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Definition

What is plague?

Plague is a serious bacterial infection caused by Yersinia pestis that’s transmitted by fleas.

How common is plague?

Plague is extremely common. It can affect patients at any age. It can be managed by reducing your risk factors. Please discuss with your doctor for further information.

Symptoms

What are the symptoms of plague?

Depending on the type of plague, symptoms can be varied, for example:

  • For bubonic plague, the common symptoms of plague are buboes situated in the groin, armpit, neck, about the size of a chicken egg and tender and warm to the touch. Other symptoms can be sudden onset of fever, chills, headache, fatigue, malaise and muscle aches.
  • For septicemic plague, the common symptoms are fever, chills, extreme weakness, abdominal pain, diarrhea, vomiting, bleeding from your mouth, nose or rectum, or under the skin, shock, blackening and death of tissue (gangrene) in extremities, most commonly the fingers, toes, and nose.
  • For pneumonic plague, the common symptoms are cough, with bloody sputum, difficulty breathing, nausea, vomiting, high fever, headache, and weakness.

There may be some symptoms not listed above. If you have any concerns about a symptom, please consult your doctor.

When should I see my doctor?

You should contact your doctor if you have any of the symptoms listed above and live in the area where plague occurs. Everyone’s body acts differently. It is always best to discuss with your doctor what is best for your situation

Causes

What causes plague?

The plague is caused by Yersinia pestis infection transmitted to humans when they are bitten by fleas that have previously fed on infected animals, such as:

  • Rats;
  • Squirrels;
  • Rabbits;
  • Prairie dogs;
  • Chipmunks.

Risk factors

What increases my risk for plague?

There are many risk factors for plague, such as:

  • Location: plague outbreaks are most common in rural and semirural areas characterized by overcrowding, poor sanitation, and a high rodent population.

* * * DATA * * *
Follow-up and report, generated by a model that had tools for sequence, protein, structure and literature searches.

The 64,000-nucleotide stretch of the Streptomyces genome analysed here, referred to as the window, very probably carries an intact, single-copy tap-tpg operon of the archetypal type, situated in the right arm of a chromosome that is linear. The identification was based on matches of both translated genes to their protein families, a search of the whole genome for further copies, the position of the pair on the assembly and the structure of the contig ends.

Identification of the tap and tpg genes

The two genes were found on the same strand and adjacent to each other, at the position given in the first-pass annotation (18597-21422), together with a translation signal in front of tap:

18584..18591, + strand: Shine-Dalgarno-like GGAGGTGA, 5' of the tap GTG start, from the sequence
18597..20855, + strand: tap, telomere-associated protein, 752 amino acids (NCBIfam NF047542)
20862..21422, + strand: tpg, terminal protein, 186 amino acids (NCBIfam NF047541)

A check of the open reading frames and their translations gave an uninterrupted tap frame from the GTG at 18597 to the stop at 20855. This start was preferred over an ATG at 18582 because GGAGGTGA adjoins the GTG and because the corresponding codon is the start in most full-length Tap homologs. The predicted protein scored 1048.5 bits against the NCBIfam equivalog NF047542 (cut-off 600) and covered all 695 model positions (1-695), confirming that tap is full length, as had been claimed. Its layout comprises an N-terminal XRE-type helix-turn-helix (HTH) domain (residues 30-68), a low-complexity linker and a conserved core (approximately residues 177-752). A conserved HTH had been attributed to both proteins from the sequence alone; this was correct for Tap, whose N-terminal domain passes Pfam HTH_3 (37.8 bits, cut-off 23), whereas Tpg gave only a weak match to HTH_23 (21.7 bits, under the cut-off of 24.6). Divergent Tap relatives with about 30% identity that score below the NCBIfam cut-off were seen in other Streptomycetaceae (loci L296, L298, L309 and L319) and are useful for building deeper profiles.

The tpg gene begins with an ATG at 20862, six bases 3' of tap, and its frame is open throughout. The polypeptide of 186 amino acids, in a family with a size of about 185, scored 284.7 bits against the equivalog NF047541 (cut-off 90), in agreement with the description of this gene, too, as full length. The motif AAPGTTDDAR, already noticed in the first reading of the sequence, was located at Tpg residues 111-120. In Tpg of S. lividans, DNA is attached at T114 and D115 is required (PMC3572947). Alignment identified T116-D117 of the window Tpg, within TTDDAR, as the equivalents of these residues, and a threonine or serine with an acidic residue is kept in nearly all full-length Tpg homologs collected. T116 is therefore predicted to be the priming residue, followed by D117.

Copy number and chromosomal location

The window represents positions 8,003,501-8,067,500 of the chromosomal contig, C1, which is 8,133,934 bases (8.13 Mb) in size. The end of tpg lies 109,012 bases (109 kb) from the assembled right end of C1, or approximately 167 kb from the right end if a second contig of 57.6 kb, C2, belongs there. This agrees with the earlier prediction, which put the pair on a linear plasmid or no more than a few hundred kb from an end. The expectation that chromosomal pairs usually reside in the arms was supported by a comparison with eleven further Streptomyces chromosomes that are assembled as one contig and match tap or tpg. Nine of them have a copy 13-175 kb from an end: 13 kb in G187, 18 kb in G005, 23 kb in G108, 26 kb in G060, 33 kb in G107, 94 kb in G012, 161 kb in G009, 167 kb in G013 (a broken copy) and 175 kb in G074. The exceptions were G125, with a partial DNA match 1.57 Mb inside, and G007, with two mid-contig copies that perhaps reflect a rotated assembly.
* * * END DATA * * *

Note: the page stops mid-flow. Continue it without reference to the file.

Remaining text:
• Occupation: veterinarians and their assistants have a higher risk of coming into contact with domestic cats and dogs that may have become infected with plague.
  • People who work in areas where plague-infected animals are common.
  • Hobbies: camping, hunting or hiking in areas where plague-infected animals reside can increase your risk of being bitten by an infected flea.

Diagnosis & treatment

The information provided is not a substitute for any medical advice. ALWAYS consult with your doctor for more information.

How is plague diagnosed?

Plague can be diagnosed by testing Yersinia pestis bacteria in samples taken from your:

  • Buboes.
  • Blood.
  • Lungs.

How is plague treated?

You should be hospitalized to treat plague by taking powerful antibiotics, such as:

  • Gentamicin;
  • Doxycycline (Vibramycin);
  • Ciprofloxacin (Cipro);
  • Levofloxacin (Levaquin).

Lifestyle changes & home remedies

What are some lifestyle changes or home remedies that can help me manage plague?

The following lifestyles and home remedies might help you cope with plague:

  • Rodent-proof your home. By removing potential nesting areas, such as piles of brush, rock, firewood, junk and do not leave pet food in areas that rodents can easily access.
  • Keep your pets free of fleas.
  • Wear gloves when handling potentially infected animals to prevent contact between your skin and harmful bacteria.
  • Use insect repellent, closely supervise your children and pets when spending time outside in areas with large rodent populations.

If you have any questions, please consult with your doctor to better understand the best solution for you.

Hello Health Group does not provide medical advice, diagnosis or treatment.

Sources

Review Date: January 4, 2017 | Last Modified: January 4, 2017

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